Reflections on Southampton County hog farmer

Published 9:34 am Saturday, April 30, 2011

Portia Theodora “Lady” McClenny, Bernard’s and Martha’s younger sister, recently handed me a story with pictures from a 1954 publication of Our World Publishing Co. of New York City.

That story, stretching across several pages of the 80-page national publication, presented their parents, Theodore (Th’do to us) and Portia, in their farming and hog breeding business.

I already had a May 30, 1949, Richmond Times-Dispatch article by staff writer Hamilton Crockford on Theodore and his buddy, and business associate, Rubdell Joe. That article was an old memento of Rubdell’s late widow, Wardell Joe.

Theodore (1920-1982) was a cook and armed rockets on the aircraft carrier Manila Bay. He spent a lot of time in the Pacific, including the Okinawa campaign.

He left the Navy in 1946 with the considerable savings of $200, even though Portia and the young Bernard and Martha had required a sizeable portion of his wages. Within a year and with savings from unemployment compensation, he managed a down payment on a $5,750, 120-acre farm on Southampton County’s Kelos Mill Road.

In a few months, he would pick up his first purebred, Spotted Poland China hog for $566 in Missouri. He would pick up another, a purebred boar in Indiana.

Theodore grew up on his father’s farm near Ivor. He attended the Hayden High School, and according to the Times-Dispatch article, had been a favorite student of the Hayden vocational agriculture instructor W.F. Banks.

My mother stayed with “…the Banks family” for a while when she attended Hayden. My aunt Wardell stayed with our legendary principal, Mr. S.P. Morton. They and others defrayed their keep by babysitting and other household chores and generally returned home on the weekend. This was the ‘20s and ‘30s, prior to county bus service.

Even when the colored gentry bought a few buses, the modest fare was too high for some. Portia’s younger brother, Rufus Wilson, met one such bus driven by Zuni’s the Rev. Askew at Crumpler Crossing.

I suspect that county buses arrived with the 1939 opening of Courtland’s Southampton County Training School.

The Times-Dispatch article went on to say that Banks “…now rates him number one among his 50-odd former students who are running their own farms today.”

In the 1954 Our World story, it was reported, “At state fairs, he has won over 100 ribbons, several state championships and one grand championship,” and received thousands of dollars in prizes and sales. “Today he is one of the 30 top hog breeders in the State of Virginia.”

Portia was raised on her father’s (Robert Wilson) farm near Freemans Mill Pond. She would walk the two miles to grammar school (probably under the tutelage of E.P. Johnson) at Crumpler Crossing and later by mule and cart to Surry County Training School.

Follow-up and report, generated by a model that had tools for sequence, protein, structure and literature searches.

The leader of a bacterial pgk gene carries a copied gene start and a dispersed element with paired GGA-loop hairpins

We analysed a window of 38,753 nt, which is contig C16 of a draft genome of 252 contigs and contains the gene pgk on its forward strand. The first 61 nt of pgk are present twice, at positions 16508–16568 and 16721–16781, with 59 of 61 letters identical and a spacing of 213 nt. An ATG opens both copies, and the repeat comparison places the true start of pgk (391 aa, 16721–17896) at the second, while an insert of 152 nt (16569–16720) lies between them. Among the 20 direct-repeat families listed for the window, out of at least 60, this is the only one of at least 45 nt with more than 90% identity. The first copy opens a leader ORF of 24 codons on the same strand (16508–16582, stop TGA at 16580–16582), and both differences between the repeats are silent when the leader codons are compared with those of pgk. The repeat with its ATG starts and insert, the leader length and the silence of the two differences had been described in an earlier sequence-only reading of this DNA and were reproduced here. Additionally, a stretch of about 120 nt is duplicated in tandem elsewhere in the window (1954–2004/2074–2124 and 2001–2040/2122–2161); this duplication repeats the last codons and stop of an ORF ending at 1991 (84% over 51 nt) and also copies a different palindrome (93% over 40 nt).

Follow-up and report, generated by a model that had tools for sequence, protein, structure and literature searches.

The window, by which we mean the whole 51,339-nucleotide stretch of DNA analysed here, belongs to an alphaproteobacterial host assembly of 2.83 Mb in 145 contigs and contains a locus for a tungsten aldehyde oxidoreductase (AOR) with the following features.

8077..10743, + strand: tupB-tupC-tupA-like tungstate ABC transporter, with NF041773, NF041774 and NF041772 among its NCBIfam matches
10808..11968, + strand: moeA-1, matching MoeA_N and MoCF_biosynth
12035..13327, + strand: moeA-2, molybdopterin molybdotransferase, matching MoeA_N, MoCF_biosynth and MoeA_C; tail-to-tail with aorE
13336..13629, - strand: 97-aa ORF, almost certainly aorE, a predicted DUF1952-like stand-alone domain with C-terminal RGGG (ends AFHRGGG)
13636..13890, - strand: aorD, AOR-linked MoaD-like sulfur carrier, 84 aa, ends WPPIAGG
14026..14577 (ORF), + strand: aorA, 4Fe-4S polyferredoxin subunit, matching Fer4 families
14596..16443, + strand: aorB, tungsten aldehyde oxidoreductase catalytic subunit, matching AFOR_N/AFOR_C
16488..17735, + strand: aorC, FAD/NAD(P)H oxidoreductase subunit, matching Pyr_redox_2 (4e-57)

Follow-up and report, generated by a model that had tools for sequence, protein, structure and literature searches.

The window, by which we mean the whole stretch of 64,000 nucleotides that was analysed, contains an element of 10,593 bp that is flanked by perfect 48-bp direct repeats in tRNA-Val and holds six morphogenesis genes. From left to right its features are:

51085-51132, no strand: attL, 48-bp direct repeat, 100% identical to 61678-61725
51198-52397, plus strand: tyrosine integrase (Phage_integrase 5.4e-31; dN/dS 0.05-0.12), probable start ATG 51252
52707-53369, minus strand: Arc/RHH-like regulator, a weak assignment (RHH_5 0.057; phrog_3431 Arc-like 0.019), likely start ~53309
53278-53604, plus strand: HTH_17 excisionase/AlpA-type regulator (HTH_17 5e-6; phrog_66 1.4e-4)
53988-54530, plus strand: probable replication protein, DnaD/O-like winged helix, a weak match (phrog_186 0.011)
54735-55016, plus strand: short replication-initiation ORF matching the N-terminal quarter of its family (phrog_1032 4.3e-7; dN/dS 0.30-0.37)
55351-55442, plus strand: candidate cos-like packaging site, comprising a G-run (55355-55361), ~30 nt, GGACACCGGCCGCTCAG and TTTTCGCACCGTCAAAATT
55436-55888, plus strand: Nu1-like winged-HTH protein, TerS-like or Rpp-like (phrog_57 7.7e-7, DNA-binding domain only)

The Our World article reports, “Today she takes care of all the budgeting for the farm, as well as the house. She has a brood of 75 chickens, which gives her all the eggs for the house and enough to sell (27 dozen per week, for 55 cents per dozen) for groceries.

“She makes butter from excess milk (from two cows), which she sells at 60 cents a pound. She makes her own sausages, gets her shortening from the hogs they kill for their dinner table and makes her own soap. She bleaches Purina feed bags for her sheets…and curtains.” [Theodore’s brother G.P. (another wartime sailor) and his wife Mildred, purchased and operated a similar farm.]

Portia says that the hog business had Theodore all over. Sometimes she’d go along. She recalls a distant fair in Waverly, Ill.

I remember a Wendell Somerville, an official of the Lott Carey Foreign Mission, in his annual visits to our Gilfield Baptist Church near Ivor a good 50 years ago.

Lott Carey (1780-1828) was a former slave from Virginia. Free and a Baptist minister by 1813, he became an African missionary and was instrumental in the early formation of the country of Liberia. [Liberia was an early 1800s half-hearted experiment at resettlement. Its ninth president (1878-1883) Anthony W. Gardiner (according to Southampton County, Va., by Thomas C. Parramore) was a Negro from Southampton County.] The mission that bears his name has served the educational interest of Liberia, especially in and around Montrovia since 1908.

Relationships were established, and in 1968, Theodore was brought over to share his agriculture techniques, indeed his whole farm experience. He went again and this time with Portia in 1970. Moreover, their home was the stateside residence of two African students for a while in the 1960s.

This is a story of one of the county’s illustrious families. And contrary to myopic views, progressive role models were, and are, everywhere.